DC Coe appeared at the Hutton Inquiry on 16 September whereas he had been scheduled to attend two weeks earlier. At two points in his evidence he indicated that he is was with just one other person on the morning of the 18th July and when he names DC Shields Mr Knox asks him whether it is just the two of them.
This is the relevant exchange:
Q. Where did you then go?
A. We spoke to a witness who lived more or less opposite, who had seen Dr Kelly on the afternoon, the Thursday afternoon, and myself and a colleague went to the area where she had last seen him and made a sort of search towards the river.
Q. And could you be more precise as to where this river is?
A. It is the River Thames. We decided -- from what we were told, since the previous afternoon Dr Kelly was missing we decided to try to find the shortest route to the River Thames.
LORD HUTTON: Do you remember the name of the person who had seen Dr Kelly?
A. Mrs Ruth Absalom, I believe, my Lord.
Q. So did you make a search of the River Thames in that area?
A. We did not get so far as the river.
Q. What happened before you got there?
A. On the route to Harrowdown Hill I met the two people from the volunteer search team, a female and Mr Chapman.
Q. And what did they say to you?
A. Mr Chapman told me that they had found a body in the woods.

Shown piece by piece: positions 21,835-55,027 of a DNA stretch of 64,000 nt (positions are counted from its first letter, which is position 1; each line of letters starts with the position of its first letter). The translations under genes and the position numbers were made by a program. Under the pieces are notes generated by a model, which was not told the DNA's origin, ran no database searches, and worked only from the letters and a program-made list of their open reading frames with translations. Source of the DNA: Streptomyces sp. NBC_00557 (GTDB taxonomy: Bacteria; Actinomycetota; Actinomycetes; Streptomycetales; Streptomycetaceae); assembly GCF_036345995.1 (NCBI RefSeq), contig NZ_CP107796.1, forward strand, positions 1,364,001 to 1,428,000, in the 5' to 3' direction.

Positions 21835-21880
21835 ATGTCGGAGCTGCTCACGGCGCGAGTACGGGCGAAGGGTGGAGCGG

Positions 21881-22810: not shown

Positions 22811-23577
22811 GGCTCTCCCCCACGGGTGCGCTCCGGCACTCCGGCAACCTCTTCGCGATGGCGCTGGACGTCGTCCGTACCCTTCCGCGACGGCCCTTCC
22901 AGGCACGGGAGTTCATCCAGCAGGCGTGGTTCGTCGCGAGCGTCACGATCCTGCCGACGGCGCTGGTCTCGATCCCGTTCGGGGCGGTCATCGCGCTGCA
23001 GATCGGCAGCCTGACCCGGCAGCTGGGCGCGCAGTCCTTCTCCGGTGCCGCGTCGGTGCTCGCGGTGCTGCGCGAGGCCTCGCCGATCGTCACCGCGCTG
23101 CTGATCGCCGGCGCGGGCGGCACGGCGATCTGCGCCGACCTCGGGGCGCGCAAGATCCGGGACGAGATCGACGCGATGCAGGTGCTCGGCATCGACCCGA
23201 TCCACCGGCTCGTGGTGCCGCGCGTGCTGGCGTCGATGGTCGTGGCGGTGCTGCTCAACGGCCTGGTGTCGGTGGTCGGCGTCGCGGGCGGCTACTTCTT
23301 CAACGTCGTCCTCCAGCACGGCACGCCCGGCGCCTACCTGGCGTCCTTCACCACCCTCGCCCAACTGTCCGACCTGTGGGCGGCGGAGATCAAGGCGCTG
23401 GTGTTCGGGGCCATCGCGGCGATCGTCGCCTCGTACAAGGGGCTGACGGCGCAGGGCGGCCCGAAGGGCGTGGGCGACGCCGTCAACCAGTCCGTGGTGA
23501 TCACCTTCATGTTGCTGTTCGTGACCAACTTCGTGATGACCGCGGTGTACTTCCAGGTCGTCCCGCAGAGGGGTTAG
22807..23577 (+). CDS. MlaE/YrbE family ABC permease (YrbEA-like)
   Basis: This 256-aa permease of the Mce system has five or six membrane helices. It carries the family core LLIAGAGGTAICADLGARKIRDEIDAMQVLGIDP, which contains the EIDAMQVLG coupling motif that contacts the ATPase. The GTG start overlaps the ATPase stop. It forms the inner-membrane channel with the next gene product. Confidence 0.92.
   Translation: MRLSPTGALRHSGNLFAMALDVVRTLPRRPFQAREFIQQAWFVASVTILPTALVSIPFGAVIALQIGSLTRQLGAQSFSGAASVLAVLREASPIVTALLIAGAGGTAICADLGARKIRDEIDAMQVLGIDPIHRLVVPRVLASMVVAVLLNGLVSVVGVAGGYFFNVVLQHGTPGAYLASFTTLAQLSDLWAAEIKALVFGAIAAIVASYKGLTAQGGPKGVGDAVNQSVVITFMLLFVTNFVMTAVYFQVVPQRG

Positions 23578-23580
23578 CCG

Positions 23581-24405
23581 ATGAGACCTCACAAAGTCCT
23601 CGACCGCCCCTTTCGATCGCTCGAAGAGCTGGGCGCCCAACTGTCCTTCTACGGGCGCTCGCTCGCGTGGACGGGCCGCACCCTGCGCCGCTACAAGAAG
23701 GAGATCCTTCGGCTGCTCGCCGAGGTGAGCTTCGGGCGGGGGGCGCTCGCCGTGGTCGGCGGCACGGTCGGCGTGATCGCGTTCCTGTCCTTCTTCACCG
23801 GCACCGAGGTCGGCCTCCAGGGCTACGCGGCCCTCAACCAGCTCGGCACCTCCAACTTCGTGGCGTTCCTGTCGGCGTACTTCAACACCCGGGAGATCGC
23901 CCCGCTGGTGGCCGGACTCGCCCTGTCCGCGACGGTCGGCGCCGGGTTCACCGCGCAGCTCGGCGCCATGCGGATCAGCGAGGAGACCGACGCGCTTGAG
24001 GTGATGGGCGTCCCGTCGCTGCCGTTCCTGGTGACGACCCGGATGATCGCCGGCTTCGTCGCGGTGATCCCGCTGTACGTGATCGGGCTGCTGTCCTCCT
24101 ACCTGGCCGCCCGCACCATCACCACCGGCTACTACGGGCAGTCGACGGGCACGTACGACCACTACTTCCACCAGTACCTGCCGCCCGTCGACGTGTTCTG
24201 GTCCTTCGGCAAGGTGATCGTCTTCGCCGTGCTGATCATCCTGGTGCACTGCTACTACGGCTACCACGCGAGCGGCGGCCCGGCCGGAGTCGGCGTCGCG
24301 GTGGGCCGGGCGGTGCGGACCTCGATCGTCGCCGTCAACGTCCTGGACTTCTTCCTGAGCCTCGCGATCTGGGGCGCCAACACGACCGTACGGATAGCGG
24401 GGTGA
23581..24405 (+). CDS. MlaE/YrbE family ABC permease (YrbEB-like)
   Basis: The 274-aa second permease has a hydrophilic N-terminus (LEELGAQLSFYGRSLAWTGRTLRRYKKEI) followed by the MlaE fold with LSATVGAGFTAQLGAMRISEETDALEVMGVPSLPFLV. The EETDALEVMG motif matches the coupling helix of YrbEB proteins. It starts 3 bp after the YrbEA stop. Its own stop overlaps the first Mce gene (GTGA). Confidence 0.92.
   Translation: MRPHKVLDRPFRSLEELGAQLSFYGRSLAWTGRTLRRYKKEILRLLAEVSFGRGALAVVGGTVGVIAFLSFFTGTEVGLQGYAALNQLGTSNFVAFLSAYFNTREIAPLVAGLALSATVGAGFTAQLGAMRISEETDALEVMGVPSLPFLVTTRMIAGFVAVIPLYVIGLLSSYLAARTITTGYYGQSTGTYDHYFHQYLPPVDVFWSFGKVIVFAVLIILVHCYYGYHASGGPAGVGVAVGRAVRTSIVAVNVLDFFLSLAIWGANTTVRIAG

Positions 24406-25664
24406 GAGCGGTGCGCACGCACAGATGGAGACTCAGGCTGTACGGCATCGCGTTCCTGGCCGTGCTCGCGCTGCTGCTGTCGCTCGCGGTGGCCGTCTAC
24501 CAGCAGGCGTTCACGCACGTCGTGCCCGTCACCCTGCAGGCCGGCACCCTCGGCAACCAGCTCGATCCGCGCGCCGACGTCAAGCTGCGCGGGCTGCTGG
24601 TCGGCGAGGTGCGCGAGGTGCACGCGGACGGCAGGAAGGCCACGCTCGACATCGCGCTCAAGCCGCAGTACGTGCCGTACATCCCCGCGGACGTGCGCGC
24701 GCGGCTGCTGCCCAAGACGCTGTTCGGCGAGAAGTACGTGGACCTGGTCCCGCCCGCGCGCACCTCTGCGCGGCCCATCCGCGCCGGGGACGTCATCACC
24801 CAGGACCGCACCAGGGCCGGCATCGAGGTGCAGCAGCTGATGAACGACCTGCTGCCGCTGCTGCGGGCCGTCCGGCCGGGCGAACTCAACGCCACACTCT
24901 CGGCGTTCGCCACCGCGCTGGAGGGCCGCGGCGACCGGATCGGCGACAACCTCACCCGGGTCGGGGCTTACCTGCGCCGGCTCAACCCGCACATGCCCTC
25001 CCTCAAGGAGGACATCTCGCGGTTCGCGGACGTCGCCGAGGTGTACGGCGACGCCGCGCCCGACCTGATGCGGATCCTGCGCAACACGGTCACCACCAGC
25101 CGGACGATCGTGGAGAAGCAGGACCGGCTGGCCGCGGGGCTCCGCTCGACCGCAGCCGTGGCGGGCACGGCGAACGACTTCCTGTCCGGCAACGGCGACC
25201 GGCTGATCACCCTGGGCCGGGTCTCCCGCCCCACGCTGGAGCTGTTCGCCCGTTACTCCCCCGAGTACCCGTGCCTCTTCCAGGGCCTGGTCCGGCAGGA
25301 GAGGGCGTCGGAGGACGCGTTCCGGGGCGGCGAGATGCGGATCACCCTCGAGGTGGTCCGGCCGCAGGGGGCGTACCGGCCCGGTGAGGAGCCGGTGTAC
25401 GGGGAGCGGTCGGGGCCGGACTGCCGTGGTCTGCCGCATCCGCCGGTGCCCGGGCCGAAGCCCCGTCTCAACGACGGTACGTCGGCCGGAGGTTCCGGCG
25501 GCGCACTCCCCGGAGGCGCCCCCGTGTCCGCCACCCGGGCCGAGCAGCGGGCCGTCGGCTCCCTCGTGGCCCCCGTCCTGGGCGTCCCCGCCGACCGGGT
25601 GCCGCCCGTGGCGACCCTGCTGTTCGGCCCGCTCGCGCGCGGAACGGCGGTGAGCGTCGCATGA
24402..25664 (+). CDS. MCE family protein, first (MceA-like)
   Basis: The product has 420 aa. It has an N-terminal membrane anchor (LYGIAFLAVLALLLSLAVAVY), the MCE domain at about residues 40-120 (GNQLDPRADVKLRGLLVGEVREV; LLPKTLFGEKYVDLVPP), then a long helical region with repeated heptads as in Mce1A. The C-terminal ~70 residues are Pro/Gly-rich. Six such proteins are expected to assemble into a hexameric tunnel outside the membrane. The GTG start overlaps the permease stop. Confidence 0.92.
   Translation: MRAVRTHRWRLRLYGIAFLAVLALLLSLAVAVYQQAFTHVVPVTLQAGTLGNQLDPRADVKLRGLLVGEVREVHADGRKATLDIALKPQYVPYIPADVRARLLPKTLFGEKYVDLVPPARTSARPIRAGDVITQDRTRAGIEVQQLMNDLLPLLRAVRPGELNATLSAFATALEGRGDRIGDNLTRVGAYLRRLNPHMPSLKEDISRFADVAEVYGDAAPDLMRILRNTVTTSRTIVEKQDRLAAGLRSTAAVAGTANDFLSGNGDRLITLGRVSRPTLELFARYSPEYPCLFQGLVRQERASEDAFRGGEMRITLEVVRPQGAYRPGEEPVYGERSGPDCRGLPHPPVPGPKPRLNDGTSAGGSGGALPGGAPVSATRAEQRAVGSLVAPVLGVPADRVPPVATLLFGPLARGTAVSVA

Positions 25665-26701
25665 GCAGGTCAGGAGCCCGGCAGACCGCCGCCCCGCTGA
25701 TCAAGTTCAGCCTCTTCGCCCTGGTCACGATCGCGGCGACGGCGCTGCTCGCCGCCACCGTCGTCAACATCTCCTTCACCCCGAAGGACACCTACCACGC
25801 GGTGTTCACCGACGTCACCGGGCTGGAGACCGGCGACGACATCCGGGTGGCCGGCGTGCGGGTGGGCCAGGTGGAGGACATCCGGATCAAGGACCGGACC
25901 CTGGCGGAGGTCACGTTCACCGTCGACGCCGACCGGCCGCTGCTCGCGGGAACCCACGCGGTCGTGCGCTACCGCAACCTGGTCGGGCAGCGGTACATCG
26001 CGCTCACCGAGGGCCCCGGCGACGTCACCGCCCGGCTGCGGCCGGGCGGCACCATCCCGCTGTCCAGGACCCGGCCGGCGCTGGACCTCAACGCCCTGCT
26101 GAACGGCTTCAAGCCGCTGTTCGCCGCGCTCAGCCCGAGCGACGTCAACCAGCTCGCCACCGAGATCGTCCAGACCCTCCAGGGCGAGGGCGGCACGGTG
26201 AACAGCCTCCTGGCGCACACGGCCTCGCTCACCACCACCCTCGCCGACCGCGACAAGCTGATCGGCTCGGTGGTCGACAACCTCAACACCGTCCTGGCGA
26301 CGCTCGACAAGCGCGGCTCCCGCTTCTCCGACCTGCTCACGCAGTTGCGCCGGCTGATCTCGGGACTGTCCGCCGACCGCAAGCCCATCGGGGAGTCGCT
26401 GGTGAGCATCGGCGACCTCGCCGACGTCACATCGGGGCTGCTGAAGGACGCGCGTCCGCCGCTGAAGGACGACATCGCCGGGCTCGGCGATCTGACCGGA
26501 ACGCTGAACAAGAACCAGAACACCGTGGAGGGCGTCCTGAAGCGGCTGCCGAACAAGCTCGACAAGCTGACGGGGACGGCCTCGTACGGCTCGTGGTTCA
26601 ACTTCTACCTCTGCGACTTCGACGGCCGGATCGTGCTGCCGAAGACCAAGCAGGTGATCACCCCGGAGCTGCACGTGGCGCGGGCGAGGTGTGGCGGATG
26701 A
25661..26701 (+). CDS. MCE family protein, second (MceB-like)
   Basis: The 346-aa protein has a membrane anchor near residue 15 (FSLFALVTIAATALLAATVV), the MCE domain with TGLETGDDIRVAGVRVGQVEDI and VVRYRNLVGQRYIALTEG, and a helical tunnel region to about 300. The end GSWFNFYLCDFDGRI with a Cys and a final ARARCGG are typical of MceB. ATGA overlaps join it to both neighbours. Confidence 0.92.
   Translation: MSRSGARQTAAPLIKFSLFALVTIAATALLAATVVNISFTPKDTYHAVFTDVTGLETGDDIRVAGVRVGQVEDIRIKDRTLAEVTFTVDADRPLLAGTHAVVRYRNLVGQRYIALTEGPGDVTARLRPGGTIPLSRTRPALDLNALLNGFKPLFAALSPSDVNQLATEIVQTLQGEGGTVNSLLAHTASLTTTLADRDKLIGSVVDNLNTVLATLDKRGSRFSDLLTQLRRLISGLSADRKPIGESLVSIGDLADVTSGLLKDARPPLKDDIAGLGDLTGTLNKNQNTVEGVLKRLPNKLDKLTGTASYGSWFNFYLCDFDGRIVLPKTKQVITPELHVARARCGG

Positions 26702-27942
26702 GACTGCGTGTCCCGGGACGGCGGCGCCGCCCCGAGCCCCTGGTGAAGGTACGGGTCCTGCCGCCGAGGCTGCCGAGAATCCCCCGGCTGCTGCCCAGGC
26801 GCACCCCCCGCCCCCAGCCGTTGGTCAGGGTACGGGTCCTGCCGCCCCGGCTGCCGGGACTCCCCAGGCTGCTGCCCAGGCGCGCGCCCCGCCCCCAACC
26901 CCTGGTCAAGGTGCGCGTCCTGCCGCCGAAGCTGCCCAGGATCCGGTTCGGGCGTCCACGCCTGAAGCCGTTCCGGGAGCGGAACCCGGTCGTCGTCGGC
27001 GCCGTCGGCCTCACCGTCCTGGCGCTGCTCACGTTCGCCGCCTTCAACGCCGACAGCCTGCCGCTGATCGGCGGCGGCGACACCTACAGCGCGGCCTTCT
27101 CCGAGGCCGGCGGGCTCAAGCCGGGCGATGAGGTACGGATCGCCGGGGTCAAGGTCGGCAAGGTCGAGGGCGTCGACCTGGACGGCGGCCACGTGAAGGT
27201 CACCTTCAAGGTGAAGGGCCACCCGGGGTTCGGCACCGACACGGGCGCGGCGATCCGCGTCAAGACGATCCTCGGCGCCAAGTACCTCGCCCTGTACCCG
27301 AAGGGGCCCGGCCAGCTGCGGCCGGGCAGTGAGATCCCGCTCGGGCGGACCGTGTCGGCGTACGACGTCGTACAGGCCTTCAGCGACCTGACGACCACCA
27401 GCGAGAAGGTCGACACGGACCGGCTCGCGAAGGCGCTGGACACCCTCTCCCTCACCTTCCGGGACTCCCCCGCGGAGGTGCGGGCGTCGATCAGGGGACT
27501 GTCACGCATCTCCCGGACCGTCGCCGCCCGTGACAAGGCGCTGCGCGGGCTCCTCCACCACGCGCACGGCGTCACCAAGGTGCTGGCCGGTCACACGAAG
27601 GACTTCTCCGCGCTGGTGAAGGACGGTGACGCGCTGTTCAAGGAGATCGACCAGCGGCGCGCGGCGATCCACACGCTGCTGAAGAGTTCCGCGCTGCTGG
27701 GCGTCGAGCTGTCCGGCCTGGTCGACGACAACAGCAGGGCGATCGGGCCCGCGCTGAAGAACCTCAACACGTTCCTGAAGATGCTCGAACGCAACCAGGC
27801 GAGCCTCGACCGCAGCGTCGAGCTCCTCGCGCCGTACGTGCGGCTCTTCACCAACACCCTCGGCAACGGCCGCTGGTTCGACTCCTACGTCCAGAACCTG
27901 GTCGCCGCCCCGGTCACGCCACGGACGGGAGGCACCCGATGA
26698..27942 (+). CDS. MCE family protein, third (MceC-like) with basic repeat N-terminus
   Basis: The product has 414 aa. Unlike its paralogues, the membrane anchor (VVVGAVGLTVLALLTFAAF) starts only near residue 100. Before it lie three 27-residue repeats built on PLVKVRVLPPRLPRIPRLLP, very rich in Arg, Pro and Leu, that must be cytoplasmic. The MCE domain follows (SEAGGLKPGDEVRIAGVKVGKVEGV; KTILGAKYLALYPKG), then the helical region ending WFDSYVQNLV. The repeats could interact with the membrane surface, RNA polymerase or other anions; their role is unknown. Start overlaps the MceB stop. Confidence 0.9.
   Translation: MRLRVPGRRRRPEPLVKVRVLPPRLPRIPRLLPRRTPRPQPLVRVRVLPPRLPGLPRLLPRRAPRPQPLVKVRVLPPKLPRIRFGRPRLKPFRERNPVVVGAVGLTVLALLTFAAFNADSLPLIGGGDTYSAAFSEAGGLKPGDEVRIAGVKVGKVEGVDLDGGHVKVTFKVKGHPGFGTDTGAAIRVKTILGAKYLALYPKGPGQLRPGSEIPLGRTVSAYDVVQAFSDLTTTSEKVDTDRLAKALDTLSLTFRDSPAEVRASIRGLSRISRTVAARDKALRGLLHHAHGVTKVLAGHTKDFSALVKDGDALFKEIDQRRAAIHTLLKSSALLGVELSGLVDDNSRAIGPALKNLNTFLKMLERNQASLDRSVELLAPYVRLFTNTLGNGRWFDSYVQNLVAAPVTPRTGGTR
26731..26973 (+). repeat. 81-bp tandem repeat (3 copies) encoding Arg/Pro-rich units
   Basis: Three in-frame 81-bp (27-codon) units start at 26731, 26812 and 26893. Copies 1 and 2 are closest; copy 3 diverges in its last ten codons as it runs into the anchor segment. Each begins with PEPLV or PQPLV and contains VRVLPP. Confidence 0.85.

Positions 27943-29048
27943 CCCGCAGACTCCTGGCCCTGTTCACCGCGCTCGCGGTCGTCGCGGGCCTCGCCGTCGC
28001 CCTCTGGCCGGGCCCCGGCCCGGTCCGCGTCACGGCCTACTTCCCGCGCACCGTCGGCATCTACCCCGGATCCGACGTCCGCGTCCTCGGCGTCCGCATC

Q. Who were you with at this time?
A. Detective Constable Shields.
Q. It is just the two of you?
My last post made it clear that DC Coe hadn't referred to those accompanying him when he made his witness statement. Mr Knox with Coe's police statement in front of him should have realised it was more important than ever to obtain really detailed information from DC Coe to compensate for the marked shortfall in evidence in his statement. Both Louise Holmes and Paul Chapman were absolutely clear in their testimonies a fortnight earlier that there were three police officers.
DC Coe's contrary evidence and the total failure of the Inquiry to resolve the discrepancy was an anomaly that led to a lot of comment. We had to wait almost seven years to get an explanation and this came via Mr Coe's interview in the Mail on Sunday of 8 August 2010. http://www.pressawards.org.uk/userfiles/files/entries-01011-00568.pdf
The article states:
He also confirms the much-disputed existence of a 'third man' with him and his partner DC Colin Shields that morning - a claim he dened at the Hutton Inquiry.
Critics who believe Dr Kelly was murdered have claimed the so-called 'third man' could have been a member of the security services. DC Coe now admits he existed and says he was a trainee officer. But he refuses to name him.
There is further elaboration in the article:
When questioned during the Inquiry, both Mr Chapman and Ms Holmes recalled running into three suited men on the path that morning.
However, when DC Coe was questioned by junior counsel Peter Knox, he insisted just he and his partner, DC Shields, were present.
The discrepancy has fuelled speculation that the mystery man may have been a member of the security services.
DC Coe is now willing to admit the existence of the third man but is unable to provide a plausible explanation for what he told Hutton. He says he does not remember giving that evidence.
He now claims the third man was a police constable who was still on his initial two-year probation period and had been seconded to the CID unit for a month as part of his training. But he refuses to name the officer and says he is no longer with the force.